Nearly every American owns a mobile phone, according to recent research, but fewer and fewer of us use telephone calls as our main way of communicating. “I’ll give you a ring” has been replaced by “I’ll shoot you a text,” and you’re more likely to be tweeted at or tagged than to answer a call and have a conversation. New technology and social media are turning the old-fashioned phone call into something of a cultural relic. And calls from an unknown number? According to recent research, the majority of Americans don’t ever answer those.
But at UNH, students, alumni and parents are bucking that societal trend — and making some great connections in the process.
This past academic year, when so much was uncertain, when quarantines and lockdowns and six-feet-apart became the new normal, the UNH Student Philanthropy Center (known formerly as the UNH Phonathon) brought people together. The program, run by the Office of Annual Giving, has student employees calling alumni and parents to share news about the school and invite them to make a philanthropic gift. This year, the program saw huge success, raising more support than it has in the last four years, according to Jackie Overton, managing director of development.
The program operates out of Nesmith Hall and employs dozens of students who work as callers, managers, and supervisors, in four-hour shifts a couple days each week during the school year.
Overton and student-managers say the goal is a great connection with whoever they chat with during a given shift, and these conversations are largely unscripted, which gives students the freedom to share their stories.
During the last school year, the phone calls took on a new importance as students found those on the other end of the line were curious about how UNH was navigating the pandemic and wanting to know how students were handling the stress and uncertainty. Linsey Maloof ’23, one of the three student-managers, says parents shared that the callers even helped bridge the communication gap between parents and their college-aged children, who might not often be in touch with details of their daily college lives.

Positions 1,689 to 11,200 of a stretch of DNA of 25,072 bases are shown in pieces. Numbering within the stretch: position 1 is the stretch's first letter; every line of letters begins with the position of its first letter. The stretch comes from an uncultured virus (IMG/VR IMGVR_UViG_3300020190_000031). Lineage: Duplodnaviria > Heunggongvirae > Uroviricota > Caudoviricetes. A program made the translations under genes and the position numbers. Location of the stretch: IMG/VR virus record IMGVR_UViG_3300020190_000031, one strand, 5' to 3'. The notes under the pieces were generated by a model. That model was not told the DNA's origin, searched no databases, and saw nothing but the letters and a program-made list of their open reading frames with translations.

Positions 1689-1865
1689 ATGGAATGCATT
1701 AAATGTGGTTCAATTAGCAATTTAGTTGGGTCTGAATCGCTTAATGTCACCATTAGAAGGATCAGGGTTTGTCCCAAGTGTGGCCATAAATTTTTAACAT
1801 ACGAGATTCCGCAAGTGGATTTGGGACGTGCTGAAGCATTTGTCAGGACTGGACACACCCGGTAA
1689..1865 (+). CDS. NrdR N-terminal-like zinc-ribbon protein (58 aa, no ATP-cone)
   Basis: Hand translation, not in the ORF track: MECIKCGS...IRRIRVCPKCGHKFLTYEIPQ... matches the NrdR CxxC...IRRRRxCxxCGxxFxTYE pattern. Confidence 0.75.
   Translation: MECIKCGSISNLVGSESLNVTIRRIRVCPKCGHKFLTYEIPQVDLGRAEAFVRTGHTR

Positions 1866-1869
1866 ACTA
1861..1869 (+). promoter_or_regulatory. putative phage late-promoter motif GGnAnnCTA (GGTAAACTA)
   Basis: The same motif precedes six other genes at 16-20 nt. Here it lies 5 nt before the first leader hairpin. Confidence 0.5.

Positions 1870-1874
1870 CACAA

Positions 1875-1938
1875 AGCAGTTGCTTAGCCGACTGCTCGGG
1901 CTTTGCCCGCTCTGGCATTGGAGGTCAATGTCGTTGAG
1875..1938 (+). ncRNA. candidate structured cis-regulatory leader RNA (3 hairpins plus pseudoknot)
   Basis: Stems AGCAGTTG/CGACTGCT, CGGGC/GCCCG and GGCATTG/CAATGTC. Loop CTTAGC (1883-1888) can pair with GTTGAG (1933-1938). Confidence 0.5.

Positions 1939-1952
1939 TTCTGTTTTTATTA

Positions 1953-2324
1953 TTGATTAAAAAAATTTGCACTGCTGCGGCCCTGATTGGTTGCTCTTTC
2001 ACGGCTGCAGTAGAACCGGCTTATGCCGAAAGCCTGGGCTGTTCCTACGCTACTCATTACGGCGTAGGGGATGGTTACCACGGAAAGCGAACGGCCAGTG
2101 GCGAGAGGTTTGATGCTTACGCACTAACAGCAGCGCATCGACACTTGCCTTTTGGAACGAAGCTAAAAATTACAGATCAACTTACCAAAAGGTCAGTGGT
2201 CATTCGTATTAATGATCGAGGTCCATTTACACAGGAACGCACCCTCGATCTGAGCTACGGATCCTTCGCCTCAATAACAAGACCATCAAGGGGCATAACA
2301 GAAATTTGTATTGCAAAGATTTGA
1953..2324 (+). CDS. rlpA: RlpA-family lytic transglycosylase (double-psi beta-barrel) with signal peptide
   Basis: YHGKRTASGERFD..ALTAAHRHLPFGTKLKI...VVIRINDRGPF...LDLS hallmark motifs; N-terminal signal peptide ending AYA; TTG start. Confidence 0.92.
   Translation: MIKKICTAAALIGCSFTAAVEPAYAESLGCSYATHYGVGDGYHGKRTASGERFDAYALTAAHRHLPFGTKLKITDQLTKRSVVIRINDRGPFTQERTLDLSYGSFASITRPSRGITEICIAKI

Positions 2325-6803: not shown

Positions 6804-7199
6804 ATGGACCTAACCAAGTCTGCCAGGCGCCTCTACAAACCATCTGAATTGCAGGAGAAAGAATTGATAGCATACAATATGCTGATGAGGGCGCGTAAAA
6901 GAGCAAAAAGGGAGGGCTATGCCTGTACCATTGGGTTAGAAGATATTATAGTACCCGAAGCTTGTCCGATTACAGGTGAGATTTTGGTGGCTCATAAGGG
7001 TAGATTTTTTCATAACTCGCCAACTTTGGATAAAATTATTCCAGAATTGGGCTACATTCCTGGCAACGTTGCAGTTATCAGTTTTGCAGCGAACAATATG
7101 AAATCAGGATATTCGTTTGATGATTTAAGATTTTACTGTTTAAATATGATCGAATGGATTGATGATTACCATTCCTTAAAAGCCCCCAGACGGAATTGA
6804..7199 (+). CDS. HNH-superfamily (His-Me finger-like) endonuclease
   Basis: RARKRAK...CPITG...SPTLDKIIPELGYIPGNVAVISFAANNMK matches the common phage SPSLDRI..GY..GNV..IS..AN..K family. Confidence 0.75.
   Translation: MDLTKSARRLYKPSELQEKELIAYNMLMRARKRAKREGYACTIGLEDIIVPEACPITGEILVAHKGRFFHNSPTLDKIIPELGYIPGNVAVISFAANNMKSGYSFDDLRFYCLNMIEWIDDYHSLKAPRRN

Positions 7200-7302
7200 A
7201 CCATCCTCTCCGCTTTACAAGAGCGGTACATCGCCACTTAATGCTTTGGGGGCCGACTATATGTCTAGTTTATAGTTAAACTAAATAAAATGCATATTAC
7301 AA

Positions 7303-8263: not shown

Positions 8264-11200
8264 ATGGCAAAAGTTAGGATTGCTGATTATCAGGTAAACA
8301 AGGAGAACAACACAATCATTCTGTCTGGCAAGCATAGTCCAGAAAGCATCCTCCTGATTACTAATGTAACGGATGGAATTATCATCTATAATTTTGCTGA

Parents enjoy hearing about non-pandemic updates, too, like new programs and opportunities available to undergrads. Alums are eager to hear about the UNH of today as much as they enjoy sharing their own stories of what the UNH of five, 15, or 50 years ago was like, says Morgan Bowles ’23, another student-manager.
Managers recognize that pandemic loneliness might have played a role in the uptick in gifts made through the student callers, with people feeling lonely likely being more willing to talk with a stranger. But students say whatever the reason, the conversations gave them a chance to bond with the parents and alumni who answered their calls. Maloof notes she’s had a few alumni who have said they hadn’t intended on making a gift, but they appreciated the break from the isolation, and so wanted to return the favor by making a gift to the university.
Bowles says in addition to the great UNH stories she hears, she’s learned valuable networking skills. “I am a very talkative person, but the idea of talking to strangers all day used to be a little scary,” the psychology major admits. “Now I feel fully comfortable; I know how to start a conversation and even carry it a little bit, when I need to.”
Maloof agrees, saying as a nursing major, she’s gotten great advice from professionals in the nursing field. “I learned so much from the alumni I was talking to whether it was something at UNH — learning about new places to study, or cool things to do in Portsmouth — or my career, like how to follow in their footsteps into the specialty I want, advice on how to get through nursing school … it’s all been so valuable to me.”